C. Vann Woodward

Comer Vann Woodward (November 13, 1908 - December 17, 1999) was a preeminent American historian focusing primarily on the American South and race relations.

C. Vann Woodward was born in Vanndale, a town named after his mother's aristocratic family, in Cross County, Arkansas. Woodward attended high school in Morrilton, Arkansas.

He attended Henderson-Brown College in Arkadelphia, Arkansas for two years. He transferred to Emory University in 1930 where he graduated. He received a Ph.D. in history from the University of North Carolina.

Woodward took graduate courses at Columbia University in 1931 where he met, and was influenced by, Langston Hughes and the Harlem Renaissance movement. In 1932 he worked for the defense of Angelo Hernandez, a young Communist Party member who had been accused of subversive activities.

Woodward taught at Johns Hopkins University from 1946 to 1961 and at Yale from 1961 to 1967.

In 1974, during Congressional deliberations concerning the grounds for recommending the impeachment of President Richard Nixon, John Doar, the Special Counsel of the House Committee on the Judiciary, summond Woodward to Washington, DC. Doar asked Woodward to create for their Committee a historical study of misconduct in previous Administrations and how the Presidents responded. Woodward led a group of fourteen historians and they produced a thorough 400 page report in less than 4 months. The report was then published by Dell Publishing as Responses of the Presidents to Charges of Misconduct.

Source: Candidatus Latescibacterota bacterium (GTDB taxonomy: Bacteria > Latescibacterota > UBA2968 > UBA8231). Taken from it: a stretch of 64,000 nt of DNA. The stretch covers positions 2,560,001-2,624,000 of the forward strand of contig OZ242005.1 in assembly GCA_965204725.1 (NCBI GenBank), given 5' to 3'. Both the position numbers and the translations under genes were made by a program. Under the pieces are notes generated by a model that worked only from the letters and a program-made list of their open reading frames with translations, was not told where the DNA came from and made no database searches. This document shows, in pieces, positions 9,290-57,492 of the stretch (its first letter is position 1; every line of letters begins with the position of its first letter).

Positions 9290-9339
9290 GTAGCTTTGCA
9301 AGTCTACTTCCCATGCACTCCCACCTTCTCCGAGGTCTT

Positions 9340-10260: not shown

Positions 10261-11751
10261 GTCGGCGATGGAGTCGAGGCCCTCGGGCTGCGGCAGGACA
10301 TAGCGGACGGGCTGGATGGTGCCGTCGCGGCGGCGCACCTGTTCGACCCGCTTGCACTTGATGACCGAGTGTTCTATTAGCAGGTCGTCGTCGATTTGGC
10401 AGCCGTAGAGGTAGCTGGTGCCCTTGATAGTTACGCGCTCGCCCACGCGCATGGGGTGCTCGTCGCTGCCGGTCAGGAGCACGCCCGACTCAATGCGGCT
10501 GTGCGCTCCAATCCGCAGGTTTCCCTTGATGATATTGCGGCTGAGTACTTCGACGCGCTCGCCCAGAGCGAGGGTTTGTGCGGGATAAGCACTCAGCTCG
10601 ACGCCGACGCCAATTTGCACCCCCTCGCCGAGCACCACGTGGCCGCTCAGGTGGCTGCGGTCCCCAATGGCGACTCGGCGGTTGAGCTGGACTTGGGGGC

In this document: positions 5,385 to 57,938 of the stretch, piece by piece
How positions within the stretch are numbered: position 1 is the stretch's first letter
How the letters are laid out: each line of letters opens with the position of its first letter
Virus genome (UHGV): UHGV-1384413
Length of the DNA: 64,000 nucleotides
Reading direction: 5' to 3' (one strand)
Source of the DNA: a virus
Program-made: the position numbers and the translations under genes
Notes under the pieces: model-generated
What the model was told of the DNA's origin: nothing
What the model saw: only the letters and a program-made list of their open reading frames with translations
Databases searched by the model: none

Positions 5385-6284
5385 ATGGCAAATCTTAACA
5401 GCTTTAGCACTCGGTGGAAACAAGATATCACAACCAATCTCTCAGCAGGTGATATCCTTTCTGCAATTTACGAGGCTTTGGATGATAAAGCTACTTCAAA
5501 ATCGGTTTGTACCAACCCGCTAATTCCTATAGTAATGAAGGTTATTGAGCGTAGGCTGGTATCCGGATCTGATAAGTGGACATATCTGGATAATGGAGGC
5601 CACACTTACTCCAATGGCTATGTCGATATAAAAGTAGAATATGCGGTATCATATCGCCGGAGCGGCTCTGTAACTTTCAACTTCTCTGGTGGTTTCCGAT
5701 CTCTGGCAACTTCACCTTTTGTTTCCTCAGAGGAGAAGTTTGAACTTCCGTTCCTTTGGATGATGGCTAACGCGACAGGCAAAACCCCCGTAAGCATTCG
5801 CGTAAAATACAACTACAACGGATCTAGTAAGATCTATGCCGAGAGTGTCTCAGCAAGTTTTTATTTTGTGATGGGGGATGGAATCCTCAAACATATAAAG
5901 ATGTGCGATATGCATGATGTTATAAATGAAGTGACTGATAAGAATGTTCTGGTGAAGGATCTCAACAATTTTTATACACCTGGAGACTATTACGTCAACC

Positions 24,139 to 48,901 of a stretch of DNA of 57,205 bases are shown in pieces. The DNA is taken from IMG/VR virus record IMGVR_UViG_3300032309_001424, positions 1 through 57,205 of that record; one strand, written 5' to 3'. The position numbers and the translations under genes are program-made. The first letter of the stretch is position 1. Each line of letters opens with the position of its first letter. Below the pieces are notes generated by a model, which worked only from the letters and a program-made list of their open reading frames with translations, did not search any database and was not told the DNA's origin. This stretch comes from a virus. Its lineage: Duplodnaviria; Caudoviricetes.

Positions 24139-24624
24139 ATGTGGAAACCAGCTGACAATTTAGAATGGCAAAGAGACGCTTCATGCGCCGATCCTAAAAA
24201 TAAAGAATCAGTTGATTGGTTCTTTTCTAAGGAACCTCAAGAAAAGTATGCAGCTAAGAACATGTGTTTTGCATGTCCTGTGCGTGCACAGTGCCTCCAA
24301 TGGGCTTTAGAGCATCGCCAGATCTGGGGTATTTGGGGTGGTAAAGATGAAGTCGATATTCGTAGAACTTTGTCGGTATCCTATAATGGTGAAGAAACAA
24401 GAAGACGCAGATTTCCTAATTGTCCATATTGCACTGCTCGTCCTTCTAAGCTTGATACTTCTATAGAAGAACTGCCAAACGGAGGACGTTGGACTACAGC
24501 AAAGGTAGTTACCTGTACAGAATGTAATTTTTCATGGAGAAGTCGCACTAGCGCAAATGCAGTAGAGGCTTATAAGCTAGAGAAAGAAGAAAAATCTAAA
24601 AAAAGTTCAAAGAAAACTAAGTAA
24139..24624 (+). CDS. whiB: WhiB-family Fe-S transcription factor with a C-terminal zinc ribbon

Woodward won the Pulitzer Prize in 1982 for Mary Chestnut's Civil War. He won the Bancroft Prize for The Origins of the New South. Martin Luther King, Jr called The Strange Career of Jim Crow "the historical bible of the civil rights movement."

In 1998 Woodward co-sponsored a statement by 400 historians opposing the attempted impeachment of President Bill Clinton.

C. Vann Woodward died in Hamden, Connecticut.

The Southern Historical Association has established the C. Vann Woodward Dissertation Prize awarded annually to the best dissertation on southern history.

Some Works by C. Vann Woodward

  • Tom Watson, Agrarian Rebel (1938)
  • Origins of the New South, 1877–1913 (1951)
  • Reunion and Reaction: The Compromise of 1877 and the End of Reconstruction (1951)
  • The Strange Career of Jim Crow (1955)
  • The Burden of Southern History (1960)
  • The Battle of Leyte Gulf (1965)
  • American Counterpoint (1971)
  • Mary Chestnut’s Civil War (1981) editor
  • The Oxford History of the United States (1982–99)
  • The Private Mary Chestnut (1984)

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